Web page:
6 Movies ‘Set’ In Japan But Filmed Elsewhere

Unlike other Asian countries, foreign production companies usually remain faithful to Japan by actually filming on location when need be but there are of course times when other places are used to fill in for the country. One of the most common scenarios is for Japanese scenes to be filmed at Japanese, or even Chinese gardens in the USA, Australia or wherever but the following movies were all faked in some way using other countries to double up as Japan.

* The Karate Kid Part II (1989) – The sequel to the classic 1986 film sees Daniel-san follow Mr Miyagi (Pat Morita) back to the latter’s homeland to see his dying father in Okinawa whilst settling some old scores. Oahu in Hawaii stood in for the southern Japan island. A scenic area called Kahaluu was spotted in an aerial survey from helicopter by the filmmakers 20 miles from Honolulu.

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The place is 43 acres and is covered with palms and a lagoon which once served as a royal fish pond. Thanks to some of Morita’s connections, filming was able to take place on the land which had been closely preserved before then. An Okinawan village was built and 50 Okinawa-born Hawaii residents were recruited to portray the villagers. Further shooting took place at The Burbank Studios in California where the Naha street and the O-bon dance and finale at the moat-surrounded ruins of the ancient castle were filmed.

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* The Last Samurai (2003) – Whilst some filming was done in Kyoto and Himeji the rest was principally done in New Zealand. The Taranaki region on the west coast of the country’s North Island played host to much of the filming with the Japanese village  constructed on the hillsides of the Uruti Valley where some battle scenes took place too.

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New Plymouth is the major city in the area and its port played the part of the Japanese Port. Less than an hour away from there is Mount Taranaki which portrayed Mount Fuji.  The parade ground, where the Japanese troops are trained to use rifles, and where Algren (Tom Cruise) invites a young recruit to shoot him, is the Pukekura Sports Ground in Pukekura Park, New Plymouth. The ’battle in the fog’ scene was filmed in Mangamahoe Forest, outside the town.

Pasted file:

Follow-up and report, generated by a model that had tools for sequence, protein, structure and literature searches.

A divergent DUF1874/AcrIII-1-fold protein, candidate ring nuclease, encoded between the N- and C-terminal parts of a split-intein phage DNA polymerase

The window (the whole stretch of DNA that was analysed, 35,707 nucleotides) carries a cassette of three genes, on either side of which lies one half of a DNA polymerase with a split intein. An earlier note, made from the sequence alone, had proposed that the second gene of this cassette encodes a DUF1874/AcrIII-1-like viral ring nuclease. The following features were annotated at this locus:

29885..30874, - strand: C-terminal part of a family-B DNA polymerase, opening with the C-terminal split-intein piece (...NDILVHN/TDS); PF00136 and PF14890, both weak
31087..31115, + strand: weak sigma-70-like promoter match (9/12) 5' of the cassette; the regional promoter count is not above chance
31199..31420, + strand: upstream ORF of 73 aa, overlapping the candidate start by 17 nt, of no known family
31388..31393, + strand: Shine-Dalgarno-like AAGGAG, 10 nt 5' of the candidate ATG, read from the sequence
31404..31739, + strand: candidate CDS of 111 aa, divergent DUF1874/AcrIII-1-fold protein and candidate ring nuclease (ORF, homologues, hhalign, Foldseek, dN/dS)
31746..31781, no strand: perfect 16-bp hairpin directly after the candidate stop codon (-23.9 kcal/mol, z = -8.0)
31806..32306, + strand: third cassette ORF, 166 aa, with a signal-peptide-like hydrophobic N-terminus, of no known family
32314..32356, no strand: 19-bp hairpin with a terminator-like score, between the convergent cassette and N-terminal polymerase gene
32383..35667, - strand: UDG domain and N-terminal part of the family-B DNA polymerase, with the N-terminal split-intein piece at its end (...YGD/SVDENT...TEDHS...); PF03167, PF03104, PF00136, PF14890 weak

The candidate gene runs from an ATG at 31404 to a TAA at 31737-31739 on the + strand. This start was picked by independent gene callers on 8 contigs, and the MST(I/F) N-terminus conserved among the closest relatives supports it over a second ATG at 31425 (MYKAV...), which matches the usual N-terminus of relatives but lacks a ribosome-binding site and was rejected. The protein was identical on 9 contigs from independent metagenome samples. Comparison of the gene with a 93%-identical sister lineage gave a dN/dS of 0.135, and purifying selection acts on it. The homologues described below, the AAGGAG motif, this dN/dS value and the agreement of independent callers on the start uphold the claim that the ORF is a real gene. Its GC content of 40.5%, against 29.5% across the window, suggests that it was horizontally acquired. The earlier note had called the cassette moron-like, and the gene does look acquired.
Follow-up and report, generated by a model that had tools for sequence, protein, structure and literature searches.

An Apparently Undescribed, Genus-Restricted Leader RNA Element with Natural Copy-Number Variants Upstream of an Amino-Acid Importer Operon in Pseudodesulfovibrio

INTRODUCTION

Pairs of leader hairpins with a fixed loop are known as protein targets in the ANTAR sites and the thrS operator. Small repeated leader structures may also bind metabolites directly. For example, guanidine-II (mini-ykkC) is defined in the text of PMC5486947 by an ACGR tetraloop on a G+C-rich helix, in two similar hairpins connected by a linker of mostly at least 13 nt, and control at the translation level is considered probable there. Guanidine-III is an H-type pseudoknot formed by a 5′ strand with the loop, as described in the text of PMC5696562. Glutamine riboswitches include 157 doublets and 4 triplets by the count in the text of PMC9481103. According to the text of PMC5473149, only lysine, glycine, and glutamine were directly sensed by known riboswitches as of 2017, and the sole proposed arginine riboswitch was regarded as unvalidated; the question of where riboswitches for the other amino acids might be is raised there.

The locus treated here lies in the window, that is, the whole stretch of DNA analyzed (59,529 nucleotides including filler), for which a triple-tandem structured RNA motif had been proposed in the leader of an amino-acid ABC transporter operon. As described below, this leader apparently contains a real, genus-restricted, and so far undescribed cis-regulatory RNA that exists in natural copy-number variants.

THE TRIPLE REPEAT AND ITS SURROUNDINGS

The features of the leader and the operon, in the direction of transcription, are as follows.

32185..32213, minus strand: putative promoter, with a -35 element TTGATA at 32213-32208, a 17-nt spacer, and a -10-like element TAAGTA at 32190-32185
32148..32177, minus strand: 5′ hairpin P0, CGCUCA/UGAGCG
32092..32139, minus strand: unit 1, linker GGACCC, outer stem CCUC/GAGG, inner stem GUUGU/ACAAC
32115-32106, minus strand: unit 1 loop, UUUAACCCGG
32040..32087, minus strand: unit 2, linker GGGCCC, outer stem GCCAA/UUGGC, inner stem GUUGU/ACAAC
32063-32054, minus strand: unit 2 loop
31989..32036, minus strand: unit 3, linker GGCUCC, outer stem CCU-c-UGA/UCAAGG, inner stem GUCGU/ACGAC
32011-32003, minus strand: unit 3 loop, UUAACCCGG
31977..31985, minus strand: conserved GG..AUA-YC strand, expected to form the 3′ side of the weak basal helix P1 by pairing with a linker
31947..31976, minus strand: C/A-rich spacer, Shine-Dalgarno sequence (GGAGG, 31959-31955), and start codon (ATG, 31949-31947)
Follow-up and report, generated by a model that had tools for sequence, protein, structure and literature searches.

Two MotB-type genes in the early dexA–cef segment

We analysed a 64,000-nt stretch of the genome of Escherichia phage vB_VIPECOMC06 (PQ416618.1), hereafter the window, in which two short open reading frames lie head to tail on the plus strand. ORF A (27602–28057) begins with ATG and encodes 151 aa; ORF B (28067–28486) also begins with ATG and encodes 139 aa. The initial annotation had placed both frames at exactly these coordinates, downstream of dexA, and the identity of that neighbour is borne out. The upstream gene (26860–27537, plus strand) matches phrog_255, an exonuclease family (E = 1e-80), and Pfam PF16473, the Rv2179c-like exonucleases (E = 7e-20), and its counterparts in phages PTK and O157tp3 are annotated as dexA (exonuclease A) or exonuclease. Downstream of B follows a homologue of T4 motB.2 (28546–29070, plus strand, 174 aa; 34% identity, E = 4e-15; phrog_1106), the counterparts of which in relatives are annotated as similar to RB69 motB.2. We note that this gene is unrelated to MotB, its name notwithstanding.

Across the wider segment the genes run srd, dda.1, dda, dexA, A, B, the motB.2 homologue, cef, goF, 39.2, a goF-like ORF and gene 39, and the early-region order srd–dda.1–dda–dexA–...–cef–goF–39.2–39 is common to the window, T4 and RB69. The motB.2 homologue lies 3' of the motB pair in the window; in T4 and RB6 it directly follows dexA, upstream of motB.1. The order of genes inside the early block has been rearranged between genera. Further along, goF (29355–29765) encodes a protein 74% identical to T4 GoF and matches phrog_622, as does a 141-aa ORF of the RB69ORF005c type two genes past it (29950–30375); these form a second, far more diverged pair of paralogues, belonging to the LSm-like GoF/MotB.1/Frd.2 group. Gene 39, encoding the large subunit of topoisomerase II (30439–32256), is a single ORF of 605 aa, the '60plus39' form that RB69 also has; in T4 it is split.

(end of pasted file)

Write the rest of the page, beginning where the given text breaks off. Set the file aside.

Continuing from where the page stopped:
* Teenage Mutant Ninja Turtles III (1993) – Not too much of a shock that this poor second sequel was not filmed in Japan.  It was set in feudal Japan in 1603 even though the movie poster states that it’s set in the year 1593!!  All filming was done nearly 5000 miles away in Astoria, Oregon. (You can see the full movie here)

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* Austin Powers In Goldmember (2002)  – It doesn’t take a genius to realise that none of this third instalment in the Austin Powers trilogy was not filmed anywhere near Tokyo! They didn’t reference this fact quite as blatantly as they did in the second film where Austin Powers (Mike Myers) comments on how England looks remarkably like Californian countryside! 40 minutes into the movie Japan’s capital is seen by way of Dr Evil’s (also played by Mike Myers) new lair which is a submarine in Tokyo Bay in the shape of him including the classic little finger to the mouth. It’s long, hard and full of sea-men! This was supposedly created using CGI and the docks at San Pedro in south Los Angeles.

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The Asahi Sumo Arena doesn’t exist which is where Austin and Foxxy head (albeit with obvious rear projection of Shinjuku in the background) to find Fat Bastard (again played by Mike Myers) who tells them of Roboto Industries whose boss is named purely to give Powers the chance to say “Domo arigatou Mr Roboto” as was sung in Styx’s 1983.

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* Letters From Iwo Jima (2006) – This Japanese volcanic island is actually part of Tokyo albeit a long, long way south (750 km) of the mainland. Access to the island is prohibited (for the general public) but the filmmakers were given special permission by the Tokyo Metropolitan Government to film there on a short day trip there. A short scene with Ken Watanabe doing something or another on the beach was shot and then  Sandvik in Iceland was used to replicate its black sand beaches. Other scenes were filmed primarily in Barstow and Bakersfield in California as well as the studio’s in Los Angeles.

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* The Wolverine (2013) – An artistic license was certainly used where the filming of this one was concerned. Sure, the funeral scene really was at Zojoji temple in Tokyo but that footage was all interwoven with what was filmed at Chinese Friendship Gardens in Sydney. The very same gardens were also used in ’The Adventures Of Priscilla Queen Of The Desert‘ (1994). The Australian city was further used with Nagasaki’s wartime prison camp being built at Bonna Point Reserve in Kurnell on the south of Botany Bay.